Once again, when it comes to surgery to treat breast cancer, less has been shown to be more.
Initiated in the 1970s, the National Surgical Adjuvant Breast and Bowel Project B-04 study demonstrated survival was the same in patients given a total mastectomy compared with just removal of the tumor and surrounding tissue followed by radiation to the remainder of the breast. Then, in the 1990s, research showed women with a clean biopsy of the “sentinel” node (the first lymph node that metastasizing cancer cells would go to) might be spared an axillary lymph node dissection (ALND), in which dozens of additional connecting nodes are potentially removed from the armpit.
Now researchers have found that a select group of early-stage breast cancer patients may not need ALND even if one or two sentinel nodes contain tumor cells. Skipping ALND eliminates common side effects of the procedure, including painful and chronic swelling of the arm, known as lymphedema, and infection. Yet again, less is best.
In two reports on study Z0011 published in the Annals of Surgery and the Journal of the American Medical Association, researchers from the American College of Surgeons Oncology Group showed that ALND is not beneficial, with the most recent one yielding 92 percent survival whether they had only one or two sentinel nodes removed for examination or an additional 17 axillary nodes, on average.
The patients studied had one or two positive sentinel node biopsies and were treated with lumpectomy and whole-breast irradiation. Additionally, up to 97 percent of patients received postoperative systemic hormonal or chemotherapy, with about half receiving chemotherapy.
These disease characteristics and treatment plans describe about 20 percent of breast cancer patients now being cared for—up to 40,000 women a year in the U.S.
Researchers successfully tested the hypothesis that radiation and chemotherapy eliminated the cancer in the lymph nodes of these patients, says the study’s senior investigator, Armando Giuliano, MD, executive vice chairman of surgery for surgical oncology at Cedars-Sinai Medical Center in Los Angeles. Giuliano introduced sentinel node biopsy for the treatment of breast cancer in the early 1990s.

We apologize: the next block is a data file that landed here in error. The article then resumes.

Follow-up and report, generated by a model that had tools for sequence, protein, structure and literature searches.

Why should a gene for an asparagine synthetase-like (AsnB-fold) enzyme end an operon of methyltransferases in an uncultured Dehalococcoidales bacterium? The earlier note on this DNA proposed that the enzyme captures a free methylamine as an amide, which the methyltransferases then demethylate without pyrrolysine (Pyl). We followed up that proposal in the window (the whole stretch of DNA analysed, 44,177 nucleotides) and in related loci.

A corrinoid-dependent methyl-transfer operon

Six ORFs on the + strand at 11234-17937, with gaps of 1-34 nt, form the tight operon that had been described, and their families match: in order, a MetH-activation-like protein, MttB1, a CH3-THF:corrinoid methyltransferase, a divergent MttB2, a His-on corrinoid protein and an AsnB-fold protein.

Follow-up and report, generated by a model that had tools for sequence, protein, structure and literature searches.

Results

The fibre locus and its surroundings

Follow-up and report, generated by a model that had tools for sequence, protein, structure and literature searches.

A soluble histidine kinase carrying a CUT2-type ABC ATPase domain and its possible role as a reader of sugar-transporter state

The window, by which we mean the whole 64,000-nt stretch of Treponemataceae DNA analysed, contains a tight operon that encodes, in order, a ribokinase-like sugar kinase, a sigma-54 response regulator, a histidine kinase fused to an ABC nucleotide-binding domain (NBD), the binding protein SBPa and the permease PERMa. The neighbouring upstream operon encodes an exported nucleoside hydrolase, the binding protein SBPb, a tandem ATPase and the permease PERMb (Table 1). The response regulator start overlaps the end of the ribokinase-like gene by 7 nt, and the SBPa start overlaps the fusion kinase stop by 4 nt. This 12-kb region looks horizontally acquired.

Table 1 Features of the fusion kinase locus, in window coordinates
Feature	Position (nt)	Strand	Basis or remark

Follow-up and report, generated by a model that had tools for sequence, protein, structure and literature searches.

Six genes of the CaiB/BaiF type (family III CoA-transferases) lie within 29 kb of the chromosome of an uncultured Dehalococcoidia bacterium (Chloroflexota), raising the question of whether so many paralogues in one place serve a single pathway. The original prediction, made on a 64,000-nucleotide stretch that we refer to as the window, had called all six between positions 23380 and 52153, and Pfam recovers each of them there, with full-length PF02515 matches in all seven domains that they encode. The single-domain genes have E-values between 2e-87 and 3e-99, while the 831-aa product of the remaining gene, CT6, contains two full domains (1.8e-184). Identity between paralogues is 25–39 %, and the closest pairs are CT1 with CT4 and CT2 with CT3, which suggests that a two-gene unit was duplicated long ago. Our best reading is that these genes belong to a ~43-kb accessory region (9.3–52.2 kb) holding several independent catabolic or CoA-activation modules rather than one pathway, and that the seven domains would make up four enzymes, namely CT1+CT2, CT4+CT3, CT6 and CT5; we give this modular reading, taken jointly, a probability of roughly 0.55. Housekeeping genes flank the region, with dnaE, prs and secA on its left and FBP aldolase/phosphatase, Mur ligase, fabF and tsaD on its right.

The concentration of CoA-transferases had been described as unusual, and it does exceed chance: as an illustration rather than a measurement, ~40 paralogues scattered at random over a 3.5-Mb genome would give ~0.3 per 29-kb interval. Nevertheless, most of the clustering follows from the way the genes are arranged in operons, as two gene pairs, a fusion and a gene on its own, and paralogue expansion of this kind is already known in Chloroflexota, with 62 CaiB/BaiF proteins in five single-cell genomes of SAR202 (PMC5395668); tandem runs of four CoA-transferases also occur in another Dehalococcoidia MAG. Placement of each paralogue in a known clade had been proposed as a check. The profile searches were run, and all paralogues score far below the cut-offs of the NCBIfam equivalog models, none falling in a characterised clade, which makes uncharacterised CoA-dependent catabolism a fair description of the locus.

He says the findings suggest that “there is something about the biology of lymph nodes that we underappreciate—that maybe these cancers tend not to metastasize from lymph nodes.”
Among other oncologists, Eric Winer, MD, director of the Breast Oncology Center at the Dana-Farber Cancer Institute in Boston, welcomes the findings, saying they will strongly influence clinical practice.
“We have to be careful not to extrapolate beyond the study,” he adds, “but for women who met the criteria, I think it really says a fair amount.”
Some researchers have questioned the fact that enrollment was half of what was originally planned and that follow-up time was limited to six years.
These are non-issues, Giuliano counters. “Our survival was so high, and local recurrence so low, that the targeted accrual of patients was an underestimate,” he says. “And most surgery and radiation achieve their impact by local control, and locoregional failures are early. In this study, most axillary recurrences are in the first two years.”
“We have known for a long time that radiation and chemotherapy can control regional nodal metastasis,” says Grant Carlson, MD, of the Winship Cancer Institute of Emory University in Atlanta. But, he adds, “the development of sentinel lymph node mapping and increased patient awareness regarding the morbidity of axillary dissection have been drivers to question what has been regarded as the standard of care.”
If the findings of the two studies result in changes in patient management, Giuliano hopes subsequent trials will show that less surgery could be extended to other patients: those with larger tumors or with more lymph node involvement. “Other researchers are thinking about such a study,” he says, “and if it happens, I predict it will be very successful.”